We’ve already seen what happens when a nuclear reactor fails. You don’t get to clean it up and rebuild it. Nobody gets to live within a hundred miles for a thousand years. Back when we thought it was a “small likelihood” just one failure was too much. Now we’ve seen several actually fail.

      • Atoms4Peace1

        We have seen what happens when a nuclear reactor exolodes. It adds 0.0001% more radiation than whats already in the world. No one has died. You cant project deaths either.

        • Doug

          Another straw man argument. That is like the Global Warming deniers saying “we’ve only raised the temperature 1 degree, nobody has died”. Yet it has, and not much more of an increase will kill many more.
          The radiation around Fukishma and Chernobyl is very high and yes it has killed thousands.

        • Doug

          Remind me how much Russia and Japan have spent *so far* containing and decontaminating just those two level 7 events?

          • Atoms4Peace1

            A drop in the bucket compared to carbon savings to the planet. Antinukes losing traction. Cop21 exposed their dipshitery. More coal.

          • DougDoug

            Ah, I see you’ve bought into the “low CO2” claim. Yet those claims don’t take into account the massive amounts of concrete used (lots of embedded energy to make it), and all the fuel used for years to build the plants, the fuel used for years to mine the fuel, then later to store it when it is depleted, and the fuel needed for decades to decontaminate and then demolish the plant. Plus the month or so each year each plant is offline for maintenance instead of actively producing energy.

          • Atoms4Peace1

            Im talking about the byproducts of the Ranking cycle. There is a carbon footprint to all construction. Having been on a nuclear construction site and other construction sites, all efforts to build with raw materials takes energy. Nuclear construction projects on sites with multiple operating reactors are more likely to be powered by nuclear.

          • DougDoug

            Wow, you really missed what I said in my post. The embodied energy of concrete is far higher than other building products. Nuclear reactors aren’t like regular power plants or skyscrapers, they require far more concrete. As for the construction, mining and decommissioning, that is all borne by diesel fuel and gasoline. You can’t run the concrete trucks, dump trucks and excavators on nuclear power.

          • Atoms4Peace1

            I helped build major pwr reactors with 6 ft thick containment. I understand containment concrete construction. After the iron work, its just a very large . I was there. Where were you? Dont bs me. BTW containment is the reason TMI had no radiation deaths and allowed people to work safely at unit 1 the past 40 years. So that lady at Nuclear Hot Seat that says she survived TMI (of course she did!) can stuff it up her ****.

          • DougDoug

            By the way, it is “Rankine cycle”. A nuclear engineer would know that.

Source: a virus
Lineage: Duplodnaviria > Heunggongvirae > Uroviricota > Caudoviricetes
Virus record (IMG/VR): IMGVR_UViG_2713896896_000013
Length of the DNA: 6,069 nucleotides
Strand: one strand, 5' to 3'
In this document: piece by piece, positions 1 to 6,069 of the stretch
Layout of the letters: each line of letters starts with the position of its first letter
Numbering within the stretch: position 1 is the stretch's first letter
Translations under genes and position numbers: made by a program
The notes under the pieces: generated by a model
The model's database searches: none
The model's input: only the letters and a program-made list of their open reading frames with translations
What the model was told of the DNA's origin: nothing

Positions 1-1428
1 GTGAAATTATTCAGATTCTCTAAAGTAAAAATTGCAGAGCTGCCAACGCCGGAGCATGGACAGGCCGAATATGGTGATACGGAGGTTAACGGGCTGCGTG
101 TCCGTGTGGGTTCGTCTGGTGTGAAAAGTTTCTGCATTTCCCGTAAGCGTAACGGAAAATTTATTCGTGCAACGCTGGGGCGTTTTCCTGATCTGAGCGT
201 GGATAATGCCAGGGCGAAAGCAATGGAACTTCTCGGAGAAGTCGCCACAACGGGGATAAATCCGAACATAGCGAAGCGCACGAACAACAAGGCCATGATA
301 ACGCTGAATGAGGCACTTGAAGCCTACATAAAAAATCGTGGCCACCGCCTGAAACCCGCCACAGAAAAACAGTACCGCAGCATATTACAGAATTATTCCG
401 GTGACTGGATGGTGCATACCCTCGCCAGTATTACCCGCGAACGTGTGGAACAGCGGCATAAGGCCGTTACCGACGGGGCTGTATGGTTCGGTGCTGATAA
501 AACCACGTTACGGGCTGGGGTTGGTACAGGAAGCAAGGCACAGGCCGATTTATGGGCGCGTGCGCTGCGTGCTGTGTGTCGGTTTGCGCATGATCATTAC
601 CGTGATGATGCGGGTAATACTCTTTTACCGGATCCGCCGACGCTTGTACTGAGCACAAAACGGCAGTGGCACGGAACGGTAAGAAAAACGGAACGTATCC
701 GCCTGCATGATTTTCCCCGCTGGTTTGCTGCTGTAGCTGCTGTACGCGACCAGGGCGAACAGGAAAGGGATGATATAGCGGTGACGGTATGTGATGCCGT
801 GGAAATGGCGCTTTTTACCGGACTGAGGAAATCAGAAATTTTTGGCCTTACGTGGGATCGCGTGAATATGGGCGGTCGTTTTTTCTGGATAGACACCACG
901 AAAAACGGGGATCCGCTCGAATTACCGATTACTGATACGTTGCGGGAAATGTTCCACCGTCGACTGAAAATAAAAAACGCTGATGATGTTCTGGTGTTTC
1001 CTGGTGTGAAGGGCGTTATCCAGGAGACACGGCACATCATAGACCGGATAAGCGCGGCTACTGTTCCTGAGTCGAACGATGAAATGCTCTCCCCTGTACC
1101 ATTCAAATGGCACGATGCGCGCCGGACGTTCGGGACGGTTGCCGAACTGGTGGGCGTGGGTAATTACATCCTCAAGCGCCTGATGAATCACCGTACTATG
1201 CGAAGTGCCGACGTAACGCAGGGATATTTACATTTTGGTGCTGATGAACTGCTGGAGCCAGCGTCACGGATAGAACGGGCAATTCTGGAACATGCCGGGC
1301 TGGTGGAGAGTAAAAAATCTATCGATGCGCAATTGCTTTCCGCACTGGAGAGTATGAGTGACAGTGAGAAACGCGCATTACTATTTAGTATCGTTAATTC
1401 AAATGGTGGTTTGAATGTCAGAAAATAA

• Atoms4Peace1

            A swift phone keyboard doesn’t know. At least you now know no carbon comes out of the discharge from the cycle. See even you agree nuclear produces less CO2/GWe and less radioactivity than coal effluent which puts freed trace uranium and thorium up the stack. Surprise. Antinukes caused the rise of fossil not renewables. What do you think displaced nuclear after TMI. Now 40 yrs later we learned the public health effects of TMI were wildly overblown by morons on your side.

          • DougDoug

            Sure, there is no CO2 from the steam turbine. Still doesn’t discount the massive amounts of CO2 already discussed. I’m glad you agree that renewables are the answer. Solar requires almost zero concrete, require a fraction of the build time and permitting time, doesn’t require any decontamination and can be demolished quickly. No fuel rods hanging around for decades.
            Nice name-calling. Again. Very mature way to win people to “your side”.

          • Atoms4Peace1

            Renewables will never be good for baseboard and fossil is going out This was discussed 40 years ago in engineering class. First fission then fission with actinide recycle then fusion-fission hybrids then fusion then antimatter. This is the order of things. The fusion-f8ssion hybrid is a waste incinerator. So technology will evolve such that actinides are completely recycled. It might be 100 years but the work we are doing is laying the groundwork. Renewables cant keep pace with the exponential increase in population, 10 billion by 2030, 15 billion by 2065. There just isn’t enough power density 1 kw/m^2 vs 200 MeV/fission atom. Your argument falls flat for the future.

          • DougDoug

            Sorry, it has been proven many times in scientific circles that renewables can more than power our future needs, with barely any of the problems of nuclear.
            I have refuted you on the danger, on the cost, and of the CO2 that nuclear plants are responsible for. You can keep on throwing insults and claiming you know best, but you have lost this argument.

          • Atoms4Peace1